I'm having trouble

I'm having trouble

by Bryon

I've tried making moonshine three times, all the same results.

I've let the mash ferment two week to one day, I've used cake yeast to beer yeast. It all looks the same has that stale beer smell. I've distilled it and the checked it with the hygrometer, the hygrometer says o% Alcohol.

I'm using 5 lb of sugar and I've used a pound of corn meal to a cup to nothing.

I've read some people are distilling their mash twice. I'm not sure that will work. SOMEONE PLEASE HELP!!!!

You have the right ingredients for making shine, but there is no mention of whether you added any malt to your recipe. This is an important ingredient for making moonshine.

The traditional way of making malt for shine was to use sprouting corn. For full instructions you can see the article entitled A Complete Guide to Moonshine.

You need to have the right ratio of sugar to cornmeal. For every pound of cornmeal, use 2 pounds of sugar.

Make sure that your yeast is fresh, otherwise you will not get the fermentation process working properly.

All the best!

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Oct 11, 2015
using sugar ==> malting is not needed
by: Franklin

Yeast can directly convert the sugar so you don't need to malt. The cornmeal is frankly only there for flavor at that point.

Sugar + Water + oxygen + yeast = yeast culture grows, no alcohol created. This is step 1. You need your water to have oxygen so the yeast can quickly overcome everything else and produce a good culture. If you pour your water and stir in the sugar at a decent temp you should be fine here. Should bubble/foam/burp like CRAZY. Keep it around 75-85 degrees F (26-27 c).

Sugar + Water + yeast - oxygen = alcohol. This process takes more time. Should ferment like this for about 5-15 days depending on the yeast. Should bubble/foam/etc but not as aggressively. done when it's not bubbling much at all. Keep it around 75-85 degrees F (26-27 c).

Try starting with a pure sugar wash should be 10 lbs sugar for every 5 gallons water. I would start by using this mix (boil 2 gallons, add sugar and dissolve and add in your flavorings (corn meal - next time you make it we'll teach you how to convert the corn meal but this time k.i.s.s.), add 3-4 gallons water (by pouring it from a height so it splashes around and adds oxygen) and check your Specific Gravity (s.g.) which should be above 1.05 and temperature (about 80 degrees f) then toss in your yeast. Cover for a day, but be careful, it will boil over! Use a 6.5 or 8 gallon bucket. Check it and make sure the yeast is doing good, as long as it's strong leave it alone but if it's weak you may need to draw some off and pour it in to get the oxygen mixed in. Only do that once though! about 1 week later it should have a s.g. of < 1.025 depending on your yeast.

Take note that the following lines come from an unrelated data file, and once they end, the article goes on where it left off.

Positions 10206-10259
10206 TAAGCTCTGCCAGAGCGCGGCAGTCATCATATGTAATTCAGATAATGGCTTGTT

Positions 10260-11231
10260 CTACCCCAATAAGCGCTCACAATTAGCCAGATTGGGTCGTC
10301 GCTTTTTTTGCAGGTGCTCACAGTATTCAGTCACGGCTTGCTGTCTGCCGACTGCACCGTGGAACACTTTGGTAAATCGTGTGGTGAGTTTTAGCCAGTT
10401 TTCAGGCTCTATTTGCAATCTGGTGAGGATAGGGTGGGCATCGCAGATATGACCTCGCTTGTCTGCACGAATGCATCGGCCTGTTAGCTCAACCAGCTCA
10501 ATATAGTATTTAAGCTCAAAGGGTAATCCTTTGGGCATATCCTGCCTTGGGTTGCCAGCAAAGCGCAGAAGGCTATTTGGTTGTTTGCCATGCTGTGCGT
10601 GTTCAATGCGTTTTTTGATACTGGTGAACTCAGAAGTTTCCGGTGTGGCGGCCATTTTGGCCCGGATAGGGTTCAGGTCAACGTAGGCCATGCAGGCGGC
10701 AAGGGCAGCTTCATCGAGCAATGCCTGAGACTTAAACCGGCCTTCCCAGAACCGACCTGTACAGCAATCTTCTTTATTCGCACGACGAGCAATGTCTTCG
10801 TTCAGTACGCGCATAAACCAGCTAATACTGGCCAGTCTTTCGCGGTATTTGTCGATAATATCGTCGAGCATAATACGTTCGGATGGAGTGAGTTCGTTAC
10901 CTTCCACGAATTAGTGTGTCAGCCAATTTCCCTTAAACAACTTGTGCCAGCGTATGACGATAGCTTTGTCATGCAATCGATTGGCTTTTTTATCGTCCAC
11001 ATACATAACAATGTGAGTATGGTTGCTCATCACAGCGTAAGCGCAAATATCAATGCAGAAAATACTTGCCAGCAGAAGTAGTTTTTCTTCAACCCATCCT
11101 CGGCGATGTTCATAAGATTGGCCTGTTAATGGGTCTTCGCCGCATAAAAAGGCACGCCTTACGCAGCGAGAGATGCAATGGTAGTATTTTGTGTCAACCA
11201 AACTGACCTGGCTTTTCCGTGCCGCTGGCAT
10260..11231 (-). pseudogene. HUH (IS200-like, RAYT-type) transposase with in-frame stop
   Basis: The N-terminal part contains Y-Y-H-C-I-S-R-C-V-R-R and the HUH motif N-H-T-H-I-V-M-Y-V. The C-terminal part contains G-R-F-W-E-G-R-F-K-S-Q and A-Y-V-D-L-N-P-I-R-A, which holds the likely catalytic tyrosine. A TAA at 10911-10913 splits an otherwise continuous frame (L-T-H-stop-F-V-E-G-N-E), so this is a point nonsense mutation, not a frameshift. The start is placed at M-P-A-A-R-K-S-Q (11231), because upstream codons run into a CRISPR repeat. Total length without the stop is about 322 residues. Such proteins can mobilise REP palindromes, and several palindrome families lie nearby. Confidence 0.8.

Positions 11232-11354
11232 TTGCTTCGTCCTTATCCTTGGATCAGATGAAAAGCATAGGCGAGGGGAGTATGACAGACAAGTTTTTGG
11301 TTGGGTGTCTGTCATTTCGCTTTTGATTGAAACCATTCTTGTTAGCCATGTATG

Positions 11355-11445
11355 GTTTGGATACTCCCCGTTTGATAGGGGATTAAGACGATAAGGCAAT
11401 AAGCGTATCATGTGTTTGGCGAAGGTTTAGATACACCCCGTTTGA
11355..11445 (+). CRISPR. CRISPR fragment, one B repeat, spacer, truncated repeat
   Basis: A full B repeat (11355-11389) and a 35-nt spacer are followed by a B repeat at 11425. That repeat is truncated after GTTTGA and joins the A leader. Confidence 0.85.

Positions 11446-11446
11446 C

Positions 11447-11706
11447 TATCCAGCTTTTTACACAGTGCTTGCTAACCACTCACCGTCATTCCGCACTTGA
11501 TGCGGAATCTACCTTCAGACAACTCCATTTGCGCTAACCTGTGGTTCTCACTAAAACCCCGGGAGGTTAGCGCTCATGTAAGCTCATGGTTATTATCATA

Distill when you're happy with your s.g. better flavors (imo) will be at higher s.g. but more alcohol will be at lower s.g.

Oct 12, 2013
Amylase in moonshine
by: Anonymous

I convert the grain starch to sugar using something call amylase. It's a (cheap) enzyme that breaks down the complex starches into fermentable sugars.

Oct 11, 2013
NO mention of yeast or malt
by: Anonymous

Remember to heat the water to 150 degrees as this is when the switch from starch to sugar takes place, one gallon of water to each # of sugar.

Too much sugar will "stick you fermentation. The malt becomes the yeast. Three times, please learn more and remember to throw out the first 10ml per gallon of water added.

DO NOT DRINK THIS!!!!! Put it in your camp lantern or BBQ. :-)

Apr 20, 2013
Just a suggestion
by: Anonymous

Could it be that during the distillation process the alcohol vapour isn't being condensed? Your worm (copper coil) needs to be sat in really cold water you could even try adding ice

Mar 20, 2013
I think you are using the hydrometer wrongly
by: Daddy d

Sounds like you are using the hydrometer wrongly.

You get a gravity reading at the START. It will be a big number.

AFTER it ferments you take a second reading and subtract it from the first.

I think you are making booze but don't know how to measure it.

Feb 21, 2013
This might work for your moonshine
by: Anonymous

Are you heating your water before you add to corn meal?

It needs to be 150 to 175 degrees. Mix it well. The corn meal needs to cook before you add the sugar. After you cook your meal then add sugar. 1 lbs of sugar per gallon of mixture. Let cool to 110 to 115 degrees.

The yeast won't activate if it's too cold. If the water is too hot you will kill it. The whole mixture needs to be around 110 to 115 degrees when you add your yeast. This will activate the yeast.

Yeast is the key ingredient for the fermentation. You WILL NOT produce alcohol if this is done wrong.

Let it ferment in a warm place for 7 days. This is why it's done outside in the summer, it's warm. Plus the smell is pretty bad. Ratio: 5 lbs sugar 3 lbs cornmeal 4 to 5 gallons distilled water, 2 packs highly active bakers yeast.

Some say you need to create a vacuum seal others don't, I would. As the mash ferments you need to let the gasses escape. You can buy an air lock that does this. It's around $3.00 at specially home brew shops. There are plenty online.

When distilling separate the water from the mix, don't mix and don't use the meal that has settled on the bottom. It could scorch and make a bad batch.

Cook around 180 degrees with your coil condenser. The first stuff that comes out of the coil is BAD BAD stuff. IT CAN KILL.

Depending on how much you're distilling at the time will depend on how much of the first stuff you throw away. Some say you need to throw the tail away as well. The tail is the last of the alcohol you produce. Once again it will depend on how much you are distilling.

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